Daughter Brittany reveals a special helmet for Iowa race RELATED: Grand marshal added to Wallace's Iowa duties " Racing with nephew Matt NEWTON, Iowa -- Until Friday, Kenny Wallace 's plans to hang up his NASCAR driving helmet this weekend at Iowa Speedway were only missing one small detail -- the helmet itself. His former team kept deflecting his phone calls, telling him not to worry and that his helmet would be there for the 905th start of his long, storied NASCAR career. The smokescreen was effective -- it bought his daughter Brittany enough time to have it professionally painted with a commemorative collage of snapshots and memories from his 26 years in the sport. While Wallace's time behind the wheel in NASCAR will end with Saturday's U.S. Cellular 250 presented by New Holland (8 p.m. ET, NBCSN, MRN, SiriusXM), the sport won't be saying goodbye to one of its most charismatic characters, who will remain a presence both in TV broadcasting and at local dirt tracks. Though there will be some finality after he steps away Saturday night, Wallace said he'll do his best to keep his emotions in check along the way. "I think there's going to be moments and I hope that it happens after the race, but I've done a pretty good job at my career to really focus in on what I have to do," said Wallace, who will carry backing from the race's title sponsor on his Joe Gibbs Racing No. 20 Toyota. "I remember when Ernie Irvan got hurt (in 1994) and I was in that Texaco/Havoline car in the Cup Series, I was shifting the gears getting on the high banks there at Bristol and I could hear the roar of the crowd, and I was like, 'No. Focus.' "I've learned a lot along the way. I've watched Jeff Gordon this year; I don't even know how he can go. I've learned a lot. I'm ready to race, and then we'll deal with everything after the race and when I get out of the car." That theory held true for about 30 minutes after his arrival at the .875-mile track, when Brittany Wallace handed over the special surprise to her father in front of a group of friends and family. Short of choking up, the 51-year-old Wallace said he had sworn he would not be emotional, but was genuinely moved by the gift. Wallace joked that he hopes to amend the helmet's graphics Saturday night, changing his nine career XFINITY wins to an even 10. But the joke belied his ever-sharper focus with top-shelf JGR equipment underneath him for this weekend's swan song. "If he's saying he's blocking it out, he's way better at doing something like that than I am," said older brother Mike Wallace , like his sibling a nine-time winner in NASCAR national competition. "He said he's happy with it, content. All I can say is more power to him. It's outstanding. I just ran into him over there and he's got his family and friends, he's the grand marshal for a (K&N Series) race tonight, he's got a suite here. He seems to be having fun right now. He said, 'I've got to go sign some hats,' and I was like, 'Go be famous. That's what you're good at.'" The nature of the family-affair weekend has even more ties. Kenny Wallace will share the track with his nephew, Matt, who is scheduled to make his second career XFINITY Series start Saturday night. His farewell race will also take place on a short track designed by oldest brother Rusty Wallace, a NASCAR Hall of Famer. The eldest Wallace ended his driving career in 2005, but like his brother, he remained active in the sport with broadcasting stints in television and radio. It's why both Wallaces have shied away from calling the occasion "retirement" with a capital R. "I wish him all the luck in the world," said Rusty Wallace, speaking Thursday at a charity event in Pennsylvania for The NASCAR Foundation and the Jeff Gordon 's Children's Foundation. "I told him the other day, do not use that word retirement. You don't need to do that. They'll label you with that. I said notice Jeff Gordon said he's quitting, but he's not retiring, but he's never going to race again. So he's kind of retiring but he's not going to use that word. He learned that from me and Mark Martin . I told Kenny, you didn't need to do that. He'll be fine." So if anyone was hoping to get rid of Kenny Wallace after this weekend, tough luck. The driver known for his boundless energy, his grace with racing fans, his social media presence, his extracurricular dirt-racing travels and his broadcasting moxie isn't going anywhere. After 900-plus starts dating back to a 1988 debut at Martinsville Speedway , driving the No. 8 ride owned by Dale Earnhardt in what is now the XFINITY Series, Wallace said simply that "there needs to be a line in the sand" for his driving career. Staying power in NASCAR can often be fleeting and rare, a fact that has made Wallace even prouder of his long run in the sport's highest levels. Wallace's helmet is anchored by the words "Life is a journey," a well-worn adage he said he always tells his three daughters. Wallace's own journey will enter its next phase after Saturday night. "My mom, Judy, she said to me, 'Kenny, hon. You keep reinventing yourself,' " Wallace said. "I'm like 'really, Mom?' It's not a plan, it's just that I want to stay in the sport. I think longevity and persistence is what I'm so proud of, because let's face it, I was never an 'A' driver. To me, I feel proud saying I was a 'B-plus' driver. I won nine XFINITY races, 177 top-10s -- I mean, that counts for something. When I should've been down and out, I stayed digging." Contributing: RJ Kraft from Pocono Raceway FULL SERIES COVERAGE • Latest news • Standings • Schedule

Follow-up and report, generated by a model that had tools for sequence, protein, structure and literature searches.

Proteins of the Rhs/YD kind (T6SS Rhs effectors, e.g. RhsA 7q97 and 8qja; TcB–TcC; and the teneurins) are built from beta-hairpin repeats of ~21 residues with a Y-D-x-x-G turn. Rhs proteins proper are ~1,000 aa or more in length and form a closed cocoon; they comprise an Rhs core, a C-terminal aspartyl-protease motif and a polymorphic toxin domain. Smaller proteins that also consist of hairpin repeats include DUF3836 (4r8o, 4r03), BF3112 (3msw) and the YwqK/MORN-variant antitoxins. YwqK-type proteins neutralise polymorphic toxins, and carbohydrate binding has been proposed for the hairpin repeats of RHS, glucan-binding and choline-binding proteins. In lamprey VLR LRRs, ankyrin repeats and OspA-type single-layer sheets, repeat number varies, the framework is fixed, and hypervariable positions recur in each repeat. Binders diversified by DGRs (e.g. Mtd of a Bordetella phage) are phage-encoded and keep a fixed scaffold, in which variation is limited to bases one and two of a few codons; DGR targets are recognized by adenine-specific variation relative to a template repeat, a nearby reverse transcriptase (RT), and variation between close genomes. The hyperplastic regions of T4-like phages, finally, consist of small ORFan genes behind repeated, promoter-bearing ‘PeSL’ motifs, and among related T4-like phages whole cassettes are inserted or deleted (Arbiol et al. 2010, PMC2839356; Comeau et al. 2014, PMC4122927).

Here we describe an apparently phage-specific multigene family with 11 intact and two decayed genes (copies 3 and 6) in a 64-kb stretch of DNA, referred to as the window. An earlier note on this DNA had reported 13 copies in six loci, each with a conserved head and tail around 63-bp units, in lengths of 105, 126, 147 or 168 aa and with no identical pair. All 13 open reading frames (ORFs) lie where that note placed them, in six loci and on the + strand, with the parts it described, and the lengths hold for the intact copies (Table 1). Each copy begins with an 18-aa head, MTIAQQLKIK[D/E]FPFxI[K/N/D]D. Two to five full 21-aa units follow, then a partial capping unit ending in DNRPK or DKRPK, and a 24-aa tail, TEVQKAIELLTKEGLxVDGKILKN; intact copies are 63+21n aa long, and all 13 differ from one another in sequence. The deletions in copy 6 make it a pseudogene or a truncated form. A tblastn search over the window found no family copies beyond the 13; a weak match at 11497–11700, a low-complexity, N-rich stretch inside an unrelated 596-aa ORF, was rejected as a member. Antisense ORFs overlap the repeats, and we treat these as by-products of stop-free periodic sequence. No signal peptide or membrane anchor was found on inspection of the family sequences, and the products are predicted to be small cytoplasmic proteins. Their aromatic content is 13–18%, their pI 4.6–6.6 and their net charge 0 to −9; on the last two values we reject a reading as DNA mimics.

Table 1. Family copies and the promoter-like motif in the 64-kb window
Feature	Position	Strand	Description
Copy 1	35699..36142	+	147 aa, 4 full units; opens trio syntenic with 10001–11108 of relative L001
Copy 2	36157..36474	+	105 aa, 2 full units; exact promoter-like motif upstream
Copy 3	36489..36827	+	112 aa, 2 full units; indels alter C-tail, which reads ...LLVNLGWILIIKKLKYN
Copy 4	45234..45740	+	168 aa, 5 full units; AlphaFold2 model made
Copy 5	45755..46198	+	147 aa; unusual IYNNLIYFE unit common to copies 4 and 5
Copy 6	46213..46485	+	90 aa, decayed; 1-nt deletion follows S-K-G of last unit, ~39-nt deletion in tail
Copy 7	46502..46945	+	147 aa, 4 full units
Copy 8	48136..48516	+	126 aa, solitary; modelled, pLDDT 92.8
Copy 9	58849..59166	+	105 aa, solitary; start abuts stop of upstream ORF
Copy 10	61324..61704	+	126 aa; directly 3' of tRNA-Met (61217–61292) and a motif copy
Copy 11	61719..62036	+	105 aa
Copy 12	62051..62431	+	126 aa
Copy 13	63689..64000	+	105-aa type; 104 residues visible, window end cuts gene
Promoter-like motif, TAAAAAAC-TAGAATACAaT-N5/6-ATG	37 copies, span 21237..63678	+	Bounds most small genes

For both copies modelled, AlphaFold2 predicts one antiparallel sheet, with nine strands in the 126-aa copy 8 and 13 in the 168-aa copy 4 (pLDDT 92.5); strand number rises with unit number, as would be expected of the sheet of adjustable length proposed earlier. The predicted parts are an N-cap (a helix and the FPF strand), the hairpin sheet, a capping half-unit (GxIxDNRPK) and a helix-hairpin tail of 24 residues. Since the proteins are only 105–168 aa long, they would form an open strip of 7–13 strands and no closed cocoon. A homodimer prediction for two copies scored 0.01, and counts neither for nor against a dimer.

Takes checkered flag one week after last-lap loss at Indy RELATED: Race results " Series standings NEWTON, Iowa - As the cautions — and wreckage — piled up, Ryan Blaney didn’t blink. Trouble reigned for most in the late tension-filled stages of the U.S. Cellular 250 NASCAR XFINITY Series race at Iowa Speedway , but the driver of the No. 22 Discount Tire Ford remained calm and poised. Seemed so, anyway. “It’s not ideal,” Blaney said of four cautions in the final 20 scheduled laps that interrupted his stirring Saturday night run to Victory Lane. “At all. You have a great car and those late cautions are just chances to give it away.” Not Saturday. Blaney’s turn at the wheel put the Team Penske No. 22 in Victory Lane at Iowa for the third straight August. Brad Keselowski drove it to wins each of the past two seasons. Blaney led an astounding 252 laps of 260, churning out the most dominant performance in his young career and first series win of the season after three runner-up finishes. “It’s crazy that you lead more laps than the race is actually scheduled for,” Blaney’s crew chief, Greg Erwin, said. Crazy indeed, but fitting for Blaney, who felt he had “given away” last weekend’s Lilly Diabetes 250 at Indianapolis Motor Speedway to Kyle Busch , who made a last-lap pass. “It really speaks a lot to this team,” Blaney said. “(They gave me) a great race car.” Regan Smith finished a season-best second and Brian Scott took third. Ty Dillon and Brendan Gaughan — who took a late shot at Blaney that slightly damaged both cars — completed the top five. Blaney simply shined from the start. He swiftly passed Coors Light polesitter Daniel Suarez after the green flag flew and led the first 146 laps — or 50 more than his previous best total he amassed while notching his first series win at Kentucky in 2013. The first hiccup: Trailing Smith for four laps after easing off pit road on Lap 147 slightly behind him. The next green flag erased that issue. On Lap 151 Blaney surged to the front again and set a blistering pace in clean air, virtually unchallenged. But one more pit stop was required and Chase Elliott — who powered to second during the late stages— beat Blaney off pit road. A change in the evening’s balance of power? Hardly. Blaney quickly swept past Elliott and never looked back — except to survey the misfortunes of others. Eight cautions marred the event, with six coming after Lap 205. WATCH: Post-race scuffles on pit road Elliott drew one after contact with Brandon Jones sent him spinning into the wall on Lap 231. He recovered to finish ninth and sits 20 points behind standings leader Chris Buescher , who was collected in the multi-car wreck that came on the first attempt at a green-white-checkered finish. Buescher settled for 13th. Kenny Wallace , who made his record 547th and final appearance with the series, spun twice. He ended up 15th. Blaney’s No. 22 sustained some damage on the first green-white-checkered attempt as Brendan Gaughan tried to make a run to his low side, but didn’t clear his left rear. No hard feelings, Blaney said. Just good, hard racing. “Wouldn’t want it any other way,” Blaney said. Still, the twisted metal gave Smith hope — until he missed his mark on the final restart. “He went a lot earlier than I anticipated,” said Smith, who notched his best finish this season. “It was my fault for not being ready.” No one could mount much for Blaney all night. Blaney led every green flag lap. He led 160 more laps than he’s ever led in an XFINITY Series race. And his first win of 2015 came at a track where he snared his first NASCAR Camping World Truck Series win in 2012. “Just a fun place,” said Blaney, whose 252 laps led, unsurprisingly, proved to be a track record. “We’ve always had good runs here.” FULL SERIES COVERAGE • Latest news • Standings • Schedule